This is, as far as we know, the first study to describe the whole range of diagnostic outcomes in a large unselected cohort of very early IA. More than 40% of the patients in NOR-VEAC ended up with a clinical diagnosis of UA, whereas 32.1% were diagnosed with chronic inflammatory joint disease (among which 24.1% with RA). These findings are in accordance with a Swedish incidence study of inflammatory joint diseases, pointing at a high incidence of non-RA IA.17 In contrast, other EACs normally have larger focus on RA in their selection criteria, with higher proportion of RA as a consequence.18 Our findings underline the importance of careful consideration of all differential diagnoses in unselected patients with IA, especially before application of the 2010 American College of Rheumatology/European League Against Rheumatism (EULAR) classification criteria for RA.19

The arthritis resolved without DMARDs in the majority of our patients (59%). This proportion is somewhat higher than other EACs, which have reported a resolution of arthritis in less than 40% of the patients.2 4 11 Early identification of arthritis, prompt referral of all patients by general practitioners, wide diagnostic inclusion criteria and a mandatory requirement of ≤16 weeks’ duration for inclusion are the most probable reasons for this difference. Nevertheless, a large diversity in how to define resolution of arthritis/self-limiting disease/sustained remission is also a major issue that makes comparison difficult.4 20–23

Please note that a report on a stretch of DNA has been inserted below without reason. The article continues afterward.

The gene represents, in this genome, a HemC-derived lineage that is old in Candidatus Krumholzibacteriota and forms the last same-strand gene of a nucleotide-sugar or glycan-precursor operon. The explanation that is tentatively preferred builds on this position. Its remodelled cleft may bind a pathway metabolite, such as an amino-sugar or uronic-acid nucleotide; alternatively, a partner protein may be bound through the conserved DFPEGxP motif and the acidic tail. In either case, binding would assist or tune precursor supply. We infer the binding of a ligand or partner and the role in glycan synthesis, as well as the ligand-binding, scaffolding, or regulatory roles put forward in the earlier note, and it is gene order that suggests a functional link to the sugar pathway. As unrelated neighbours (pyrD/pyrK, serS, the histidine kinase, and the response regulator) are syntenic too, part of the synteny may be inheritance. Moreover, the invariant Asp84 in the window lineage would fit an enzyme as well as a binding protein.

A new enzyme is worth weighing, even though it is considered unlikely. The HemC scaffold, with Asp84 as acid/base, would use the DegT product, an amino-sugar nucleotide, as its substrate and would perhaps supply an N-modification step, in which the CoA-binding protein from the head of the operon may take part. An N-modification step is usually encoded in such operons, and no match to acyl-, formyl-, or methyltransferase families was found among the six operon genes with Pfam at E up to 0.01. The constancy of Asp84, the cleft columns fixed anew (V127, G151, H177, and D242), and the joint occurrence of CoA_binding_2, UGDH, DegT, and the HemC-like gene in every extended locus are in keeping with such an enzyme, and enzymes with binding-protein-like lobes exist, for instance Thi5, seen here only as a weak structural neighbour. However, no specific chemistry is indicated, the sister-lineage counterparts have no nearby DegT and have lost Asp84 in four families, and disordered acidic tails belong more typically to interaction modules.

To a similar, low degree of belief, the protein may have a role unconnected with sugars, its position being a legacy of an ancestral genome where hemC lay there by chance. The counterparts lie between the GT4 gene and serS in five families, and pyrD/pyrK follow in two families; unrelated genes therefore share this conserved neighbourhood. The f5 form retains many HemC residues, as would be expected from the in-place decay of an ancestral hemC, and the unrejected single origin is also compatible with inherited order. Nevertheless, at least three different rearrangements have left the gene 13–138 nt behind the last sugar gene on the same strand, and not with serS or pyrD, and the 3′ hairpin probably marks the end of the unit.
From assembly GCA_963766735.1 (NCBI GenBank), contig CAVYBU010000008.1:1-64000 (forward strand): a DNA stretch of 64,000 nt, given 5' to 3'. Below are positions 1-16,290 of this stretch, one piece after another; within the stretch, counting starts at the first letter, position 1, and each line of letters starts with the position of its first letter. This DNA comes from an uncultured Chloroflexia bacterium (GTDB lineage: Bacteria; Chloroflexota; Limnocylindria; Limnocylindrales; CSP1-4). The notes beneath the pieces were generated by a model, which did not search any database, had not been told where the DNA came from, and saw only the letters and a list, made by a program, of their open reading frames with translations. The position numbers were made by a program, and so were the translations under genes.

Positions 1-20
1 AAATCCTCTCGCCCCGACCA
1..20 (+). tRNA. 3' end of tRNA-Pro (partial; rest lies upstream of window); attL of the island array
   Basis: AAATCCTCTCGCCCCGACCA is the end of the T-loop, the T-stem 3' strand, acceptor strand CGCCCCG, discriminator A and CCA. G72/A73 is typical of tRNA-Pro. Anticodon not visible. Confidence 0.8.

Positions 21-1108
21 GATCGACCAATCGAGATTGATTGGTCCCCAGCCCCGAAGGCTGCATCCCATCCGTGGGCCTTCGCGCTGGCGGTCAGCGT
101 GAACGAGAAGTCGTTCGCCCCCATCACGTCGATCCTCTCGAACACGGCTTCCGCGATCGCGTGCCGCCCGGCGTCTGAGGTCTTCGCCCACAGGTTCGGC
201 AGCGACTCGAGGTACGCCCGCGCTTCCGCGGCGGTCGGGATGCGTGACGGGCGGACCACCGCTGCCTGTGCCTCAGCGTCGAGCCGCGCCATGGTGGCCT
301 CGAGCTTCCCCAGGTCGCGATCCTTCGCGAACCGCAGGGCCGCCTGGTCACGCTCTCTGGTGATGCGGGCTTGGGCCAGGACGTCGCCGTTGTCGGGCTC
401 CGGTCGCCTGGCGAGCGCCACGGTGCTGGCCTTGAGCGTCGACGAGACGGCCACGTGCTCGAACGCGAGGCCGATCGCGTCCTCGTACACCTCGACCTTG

We found significant improvement of all clinical parameters after 2 years. Our study further demonstrated that joint pain, fatigue and patient’s global assessment did not distinguish between patients with different IA diagnoses at baseline.

In this real-life observational study, the use of diagnostic tools, classification criteria and treatment guidelines were left to the discretion of the rheumatologist. This might be a limitation when it comes to comparing the results with other EAC studies. Another limitation of our study is the loss to follow-up. Persistency versus resolution of arthritis was defined by only one time-point. This approach was chosen because we wanted the analyses to also include patients who discontinued the study because they were feeling well. Recurrence of arthritis in some patients classified as having resolved arthritis, and resolution of arthritis in some patients classified as having persistent arthritis, cannot be excluded.